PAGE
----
This is certainly not how the Christian faith works in the life of a believer.  It doesn’t despair.  It isn’t apathetic.  And so in our text Paul expresses a prayer for the believers.  He says, “For this reason I bow my knees before the Father, from whom every family in heaven and on earth is named, that according to the riches of his glory he may grant you to be strengthened with power through his Spirit in your inner man.”
            Paul says that his prayer is that the believers will be strengthened in their inner man with power through the work of the Holy Spirit.  It’s not hard to discover the source of this power.  It is God who raised Jesus Christ from the dead.  In the first chapter of this letter Paul writes about the “immeasurable greatness of his power toward us who believe, according to the working of his great might that he worked in Christ when he raised him from the dead and seated him at his right hand in the heavenly places.”
            The apostle says that God’s power has been displayed in the resurrection of Jesus Christ.  Paul’s prayer in our text is that this power will be at work in the believers through the Spirit.  He writes, “that according to the riches of his glory he may grant you to be strengthened with power through his Spirit in your inner man.”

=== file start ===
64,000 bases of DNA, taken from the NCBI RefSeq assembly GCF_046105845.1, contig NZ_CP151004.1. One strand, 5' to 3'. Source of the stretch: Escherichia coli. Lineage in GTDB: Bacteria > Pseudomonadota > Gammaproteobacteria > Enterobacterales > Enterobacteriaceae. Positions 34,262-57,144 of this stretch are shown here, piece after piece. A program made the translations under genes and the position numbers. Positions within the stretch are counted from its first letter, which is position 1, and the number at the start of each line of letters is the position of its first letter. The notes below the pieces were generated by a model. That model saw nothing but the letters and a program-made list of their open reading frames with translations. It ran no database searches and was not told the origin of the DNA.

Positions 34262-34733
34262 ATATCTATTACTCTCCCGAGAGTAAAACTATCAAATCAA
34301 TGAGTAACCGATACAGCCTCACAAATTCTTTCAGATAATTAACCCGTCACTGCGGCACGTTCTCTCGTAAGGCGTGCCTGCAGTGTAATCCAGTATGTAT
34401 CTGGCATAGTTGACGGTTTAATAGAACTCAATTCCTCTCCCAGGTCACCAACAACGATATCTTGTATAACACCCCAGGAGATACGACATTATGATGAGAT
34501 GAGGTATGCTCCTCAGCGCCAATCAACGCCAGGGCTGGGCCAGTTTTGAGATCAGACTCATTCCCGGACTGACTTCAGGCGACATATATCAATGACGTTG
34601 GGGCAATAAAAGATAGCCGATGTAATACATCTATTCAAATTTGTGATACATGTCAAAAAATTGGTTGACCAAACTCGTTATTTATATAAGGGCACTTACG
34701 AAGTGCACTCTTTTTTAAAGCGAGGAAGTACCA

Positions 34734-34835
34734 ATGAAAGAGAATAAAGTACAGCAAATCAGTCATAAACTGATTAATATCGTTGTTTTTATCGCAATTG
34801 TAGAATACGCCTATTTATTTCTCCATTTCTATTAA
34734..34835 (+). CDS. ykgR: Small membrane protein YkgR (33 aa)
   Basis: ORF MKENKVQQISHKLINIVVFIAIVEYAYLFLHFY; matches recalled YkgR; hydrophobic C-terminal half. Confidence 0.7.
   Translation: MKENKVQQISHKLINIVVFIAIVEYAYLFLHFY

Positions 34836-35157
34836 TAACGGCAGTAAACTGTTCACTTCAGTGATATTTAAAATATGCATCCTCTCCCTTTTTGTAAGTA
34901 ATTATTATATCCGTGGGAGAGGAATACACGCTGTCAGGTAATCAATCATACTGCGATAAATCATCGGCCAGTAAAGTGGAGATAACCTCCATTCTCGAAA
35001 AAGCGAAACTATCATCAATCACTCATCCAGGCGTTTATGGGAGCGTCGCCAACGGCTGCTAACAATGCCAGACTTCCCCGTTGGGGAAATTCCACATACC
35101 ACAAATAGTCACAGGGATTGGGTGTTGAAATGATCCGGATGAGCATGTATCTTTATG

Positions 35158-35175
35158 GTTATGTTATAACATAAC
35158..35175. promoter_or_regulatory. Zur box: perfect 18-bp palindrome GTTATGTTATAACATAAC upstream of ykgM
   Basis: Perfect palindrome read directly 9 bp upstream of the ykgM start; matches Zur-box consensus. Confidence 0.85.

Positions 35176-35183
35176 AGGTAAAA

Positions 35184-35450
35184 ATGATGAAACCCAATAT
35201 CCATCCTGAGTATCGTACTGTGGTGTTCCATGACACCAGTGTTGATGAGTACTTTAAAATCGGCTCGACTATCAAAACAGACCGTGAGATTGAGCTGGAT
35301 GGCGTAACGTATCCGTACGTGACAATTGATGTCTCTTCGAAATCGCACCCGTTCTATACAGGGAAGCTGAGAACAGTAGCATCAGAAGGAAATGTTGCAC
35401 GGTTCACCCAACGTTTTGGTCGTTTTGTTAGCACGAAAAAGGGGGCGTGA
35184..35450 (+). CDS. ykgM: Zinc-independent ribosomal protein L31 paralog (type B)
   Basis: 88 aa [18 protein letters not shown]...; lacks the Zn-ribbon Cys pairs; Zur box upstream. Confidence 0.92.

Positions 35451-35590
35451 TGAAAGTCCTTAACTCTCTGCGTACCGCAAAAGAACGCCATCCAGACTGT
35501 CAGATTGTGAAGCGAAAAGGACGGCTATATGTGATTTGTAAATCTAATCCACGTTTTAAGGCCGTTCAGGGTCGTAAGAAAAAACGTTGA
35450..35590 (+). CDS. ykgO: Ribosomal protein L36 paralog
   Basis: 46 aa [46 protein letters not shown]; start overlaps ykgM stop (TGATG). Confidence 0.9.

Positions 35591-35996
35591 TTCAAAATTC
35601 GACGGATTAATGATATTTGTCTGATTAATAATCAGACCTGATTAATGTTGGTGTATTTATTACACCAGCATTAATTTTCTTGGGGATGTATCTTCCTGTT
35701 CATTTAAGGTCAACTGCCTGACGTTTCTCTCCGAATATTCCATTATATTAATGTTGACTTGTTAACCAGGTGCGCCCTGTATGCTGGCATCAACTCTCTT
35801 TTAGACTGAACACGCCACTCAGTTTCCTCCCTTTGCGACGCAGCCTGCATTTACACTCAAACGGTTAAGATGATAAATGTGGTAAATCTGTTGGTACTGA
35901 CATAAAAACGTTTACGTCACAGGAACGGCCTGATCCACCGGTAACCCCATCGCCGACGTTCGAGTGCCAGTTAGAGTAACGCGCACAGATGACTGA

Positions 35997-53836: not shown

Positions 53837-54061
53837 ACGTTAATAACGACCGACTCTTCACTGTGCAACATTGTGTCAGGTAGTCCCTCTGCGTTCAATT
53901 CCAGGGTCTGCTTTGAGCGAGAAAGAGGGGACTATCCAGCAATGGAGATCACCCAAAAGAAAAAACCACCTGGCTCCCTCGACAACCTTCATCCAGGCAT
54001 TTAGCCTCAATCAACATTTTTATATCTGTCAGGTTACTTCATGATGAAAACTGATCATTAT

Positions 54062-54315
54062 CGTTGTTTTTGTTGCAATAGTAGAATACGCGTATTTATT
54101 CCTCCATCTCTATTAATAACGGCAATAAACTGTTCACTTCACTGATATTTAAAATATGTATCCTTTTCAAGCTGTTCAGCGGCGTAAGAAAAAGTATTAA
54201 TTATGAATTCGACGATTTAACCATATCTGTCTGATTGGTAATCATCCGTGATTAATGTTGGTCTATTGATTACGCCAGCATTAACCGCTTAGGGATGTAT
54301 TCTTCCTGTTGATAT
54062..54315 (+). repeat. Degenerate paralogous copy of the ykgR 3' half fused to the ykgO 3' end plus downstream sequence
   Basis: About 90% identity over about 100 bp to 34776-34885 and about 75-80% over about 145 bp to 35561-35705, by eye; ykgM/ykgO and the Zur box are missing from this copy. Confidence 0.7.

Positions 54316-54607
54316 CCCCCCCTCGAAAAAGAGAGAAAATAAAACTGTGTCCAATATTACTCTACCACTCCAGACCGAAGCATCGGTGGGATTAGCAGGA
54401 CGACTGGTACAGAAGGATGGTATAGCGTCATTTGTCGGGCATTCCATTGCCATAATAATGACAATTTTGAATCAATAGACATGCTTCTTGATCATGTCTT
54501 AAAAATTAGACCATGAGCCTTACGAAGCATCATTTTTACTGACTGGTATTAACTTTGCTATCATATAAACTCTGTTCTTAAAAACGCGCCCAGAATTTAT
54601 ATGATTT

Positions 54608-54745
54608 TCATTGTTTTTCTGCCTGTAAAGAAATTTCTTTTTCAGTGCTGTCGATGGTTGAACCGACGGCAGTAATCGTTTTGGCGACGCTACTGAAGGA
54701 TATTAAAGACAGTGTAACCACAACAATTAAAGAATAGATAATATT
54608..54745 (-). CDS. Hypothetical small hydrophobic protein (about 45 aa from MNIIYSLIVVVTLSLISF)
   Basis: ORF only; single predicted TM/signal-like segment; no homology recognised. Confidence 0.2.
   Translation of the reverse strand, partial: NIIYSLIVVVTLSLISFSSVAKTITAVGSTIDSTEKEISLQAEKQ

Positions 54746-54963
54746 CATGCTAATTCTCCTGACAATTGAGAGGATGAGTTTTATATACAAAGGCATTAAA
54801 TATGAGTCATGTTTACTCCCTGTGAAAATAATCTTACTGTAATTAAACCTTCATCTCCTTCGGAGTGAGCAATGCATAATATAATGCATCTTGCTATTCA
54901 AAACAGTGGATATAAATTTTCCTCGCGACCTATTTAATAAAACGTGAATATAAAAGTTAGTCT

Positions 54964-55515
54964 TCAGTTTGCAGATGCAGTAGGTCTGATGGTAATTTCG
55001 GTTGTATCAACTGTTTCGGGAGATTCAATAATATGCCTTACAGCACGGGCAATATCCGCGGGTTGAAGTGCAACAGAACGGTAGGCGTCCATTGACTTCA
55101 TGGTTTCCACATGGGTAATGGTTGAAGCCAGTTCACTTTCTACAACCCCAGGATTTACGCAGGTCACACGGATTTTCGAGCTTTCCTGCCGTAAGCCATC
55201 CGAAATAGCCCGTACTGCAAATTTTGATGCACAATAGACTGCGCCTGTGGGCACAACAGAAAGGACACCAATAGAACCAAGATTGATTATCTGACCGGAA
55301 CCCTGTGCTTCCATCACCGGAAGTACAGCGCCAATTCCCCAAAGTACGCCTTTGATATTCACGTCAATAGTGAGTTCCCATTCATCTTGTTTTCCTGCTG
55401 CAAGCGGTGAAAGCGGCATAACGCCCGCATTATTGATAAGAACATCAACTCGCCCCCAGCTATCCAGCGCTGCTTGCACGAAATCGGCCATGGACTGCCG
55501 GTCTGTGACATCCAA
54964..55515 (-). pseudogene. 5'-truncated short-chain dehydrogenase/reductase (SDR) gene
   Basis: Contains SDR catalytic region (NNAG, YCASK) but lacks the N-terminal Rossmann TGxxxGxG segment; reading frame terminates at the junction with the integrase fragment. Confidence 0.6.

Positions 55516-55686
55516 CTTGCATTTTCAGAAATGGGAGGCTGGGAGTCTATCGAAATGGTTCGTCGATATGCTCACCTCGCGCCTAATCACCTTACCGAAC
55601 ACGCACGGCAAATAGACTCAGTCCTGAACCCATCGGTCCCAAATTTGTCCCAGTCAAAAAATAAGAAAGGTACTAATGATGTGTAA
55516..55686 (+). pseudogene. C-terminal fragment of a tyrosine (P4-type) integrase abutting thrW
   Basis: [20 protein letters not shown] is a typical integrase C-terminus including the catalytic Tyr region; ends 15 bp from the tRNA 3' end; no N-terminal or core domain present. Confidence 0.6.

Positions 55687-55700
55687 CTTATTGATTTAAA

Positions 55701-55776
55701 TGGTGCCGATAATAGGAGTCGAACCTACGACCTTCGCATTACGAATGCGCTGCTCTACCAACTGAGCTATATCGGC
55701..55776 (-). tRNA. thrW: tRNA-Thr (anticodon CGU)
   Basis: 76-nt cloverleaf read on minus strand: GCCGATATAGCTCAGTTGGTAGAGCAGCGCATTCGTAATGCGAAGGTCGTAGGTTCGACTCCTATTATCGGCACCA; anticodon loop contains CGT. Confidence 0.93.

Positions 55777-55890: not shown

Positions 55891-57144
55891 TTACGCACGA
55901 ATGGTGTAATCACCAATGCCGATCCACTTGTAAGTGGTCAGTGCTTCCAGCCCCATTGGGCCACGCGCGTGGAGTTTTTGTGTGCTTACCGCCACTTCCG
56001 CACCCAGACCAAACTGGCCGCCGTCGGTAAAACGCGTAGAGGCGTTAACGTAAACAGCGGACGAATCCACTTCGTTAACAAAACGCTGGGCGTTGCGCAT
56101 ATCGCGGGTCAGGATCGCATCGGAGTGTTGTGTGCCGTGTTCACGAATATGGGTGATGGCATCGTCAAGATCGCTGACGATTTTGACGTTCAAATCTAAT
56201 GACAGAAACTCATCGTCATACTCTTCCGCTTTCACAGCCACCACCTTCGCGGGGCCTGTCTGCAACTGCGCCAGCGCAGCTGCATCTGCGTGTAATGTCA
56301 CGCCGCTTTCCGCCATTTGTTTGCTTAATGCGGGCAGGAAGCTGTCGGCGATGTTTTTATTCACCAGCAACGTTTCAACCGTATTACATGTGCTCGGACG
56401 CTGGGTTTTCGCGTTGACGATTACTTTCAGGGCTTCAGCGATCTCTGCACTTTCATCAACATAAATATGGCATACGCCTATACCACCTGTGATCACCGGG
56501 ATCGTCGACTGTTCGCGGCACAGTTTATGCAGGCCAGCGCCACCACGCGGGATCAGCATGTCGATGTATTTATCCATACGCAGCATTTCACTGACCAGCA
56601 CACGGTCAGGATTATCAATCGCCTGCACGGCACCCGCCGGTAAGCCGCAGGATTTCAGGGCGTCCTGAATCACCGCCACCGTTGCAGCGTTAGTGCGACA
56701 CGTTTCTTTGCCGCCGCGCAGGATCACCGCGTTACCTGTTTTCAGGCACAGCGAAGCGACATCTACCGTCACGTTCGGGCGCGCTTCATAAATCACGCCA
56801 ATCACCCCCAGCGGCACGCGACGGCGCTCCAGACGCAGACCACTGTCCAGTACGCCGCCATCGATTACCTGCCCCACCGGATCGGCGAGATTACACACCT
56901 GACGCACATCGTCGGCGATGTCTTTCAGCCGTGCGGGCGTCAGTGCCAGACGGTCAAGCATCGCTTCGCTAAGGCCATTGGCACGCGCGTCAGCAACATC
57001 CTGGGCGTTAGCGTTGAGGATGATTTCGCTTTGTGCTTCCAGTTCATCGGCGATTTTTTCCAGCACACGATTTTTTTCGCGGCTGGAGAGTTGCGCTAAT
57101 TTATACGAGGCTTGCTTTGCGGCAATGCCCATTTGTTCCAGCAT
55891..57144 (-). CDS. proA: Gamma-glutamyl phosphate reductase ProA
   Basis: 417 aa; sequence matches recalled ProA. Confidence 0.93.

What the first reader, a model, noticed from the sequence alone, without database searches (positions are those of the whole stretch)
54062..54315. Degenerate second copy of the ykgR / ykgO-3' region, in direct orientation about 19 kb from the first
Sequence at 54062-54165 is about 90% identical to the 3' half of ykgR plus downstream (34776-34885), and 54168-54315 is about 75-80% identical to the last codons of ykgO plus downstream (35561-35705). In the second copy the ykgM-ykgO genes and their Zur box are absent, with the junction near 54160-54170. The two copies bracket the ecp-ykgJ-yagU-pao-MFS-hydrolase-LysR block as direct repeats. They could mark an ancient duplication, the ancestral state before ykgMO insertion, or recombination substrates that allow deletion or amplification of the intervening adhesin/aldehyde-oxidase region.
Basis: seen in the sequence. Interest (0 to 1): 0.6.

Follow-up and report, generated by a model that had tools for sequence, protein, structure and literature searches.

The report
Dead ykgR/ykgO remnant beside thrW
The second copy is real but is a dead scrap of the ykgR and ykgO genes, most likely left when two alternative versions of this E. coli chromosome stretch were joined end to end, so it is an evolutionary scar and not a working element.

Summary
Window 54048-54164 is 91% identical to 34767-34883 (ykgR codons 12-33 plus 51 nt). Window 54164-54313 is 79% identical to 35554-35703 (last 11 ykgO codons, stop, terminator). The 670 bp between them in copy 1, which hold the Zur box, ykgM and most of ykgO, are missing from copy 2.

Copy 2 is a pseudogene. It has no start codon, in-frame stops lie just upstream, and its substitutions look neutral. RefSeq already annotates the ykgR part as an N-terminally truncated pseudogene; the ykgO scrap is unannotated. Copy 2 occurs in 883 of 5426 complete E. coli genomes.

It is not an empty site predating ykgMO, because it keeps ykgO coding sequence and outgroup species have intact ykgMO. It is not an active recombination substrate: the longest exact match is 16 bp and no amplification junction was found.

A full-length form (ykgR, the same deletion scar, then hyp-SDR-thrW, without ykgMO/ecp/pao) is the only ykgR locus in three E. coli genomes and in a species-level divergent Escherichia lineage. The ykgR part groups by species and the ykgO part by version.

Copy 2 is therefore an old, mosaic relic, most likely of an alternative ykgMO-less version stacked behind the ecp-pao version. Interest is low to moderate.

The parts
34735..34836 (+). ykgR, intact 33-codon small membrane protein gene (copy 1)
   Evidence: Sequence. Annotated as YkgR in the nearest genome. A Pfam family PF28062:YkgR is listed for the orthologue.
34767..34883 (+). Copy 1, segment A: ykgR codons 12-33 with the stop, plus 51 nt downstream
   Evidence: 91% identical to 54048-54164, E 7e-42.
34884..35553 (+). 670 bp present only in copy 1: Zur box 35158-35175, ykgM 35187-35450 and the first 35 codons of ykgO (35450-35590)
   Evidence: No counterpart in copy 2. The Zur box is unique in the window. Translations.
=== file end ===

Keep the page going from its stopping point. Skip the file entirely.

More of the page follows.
It is the Spirit who does this, and because of you have been baptized, you know that you have received the Spirit.  In fact, Paul says in this letter that you have been sealed with Spirit and that you have received the Spirit as a down payment.  He writes in the first chapter, “In him you also, when you heard the word of truth, the gospel of your salvation, and believed in him, were sealed with the promised Holy Spirit, who is the guarantee of our inheritance until we acquire possession of it, to the praise of his glory.”
            You have been sealed with the Spirit – the Spirit who causes you to be strengthened in the inner man with the same power by which Jesus Christ was raised from the dead.  The power of Christ’s resurrection is at work in you through the Spirit.
But this power is a funny thing. It does everything and it does nothing.  It does nothing and it does everything. It does everything in order to save you because it is through the work of the Spirit that you receive Jesus’salvation. It is through this powerful work of the Spirit that you are in Christ. But this power does not cause you to do anything in order to be saved.  In fact there is nothing that you can do.  Paul says in this letter, “For by grace you have been saved through faith. And this is not your own doing; it is the gift of God, not a result of works, so that no one may boast.”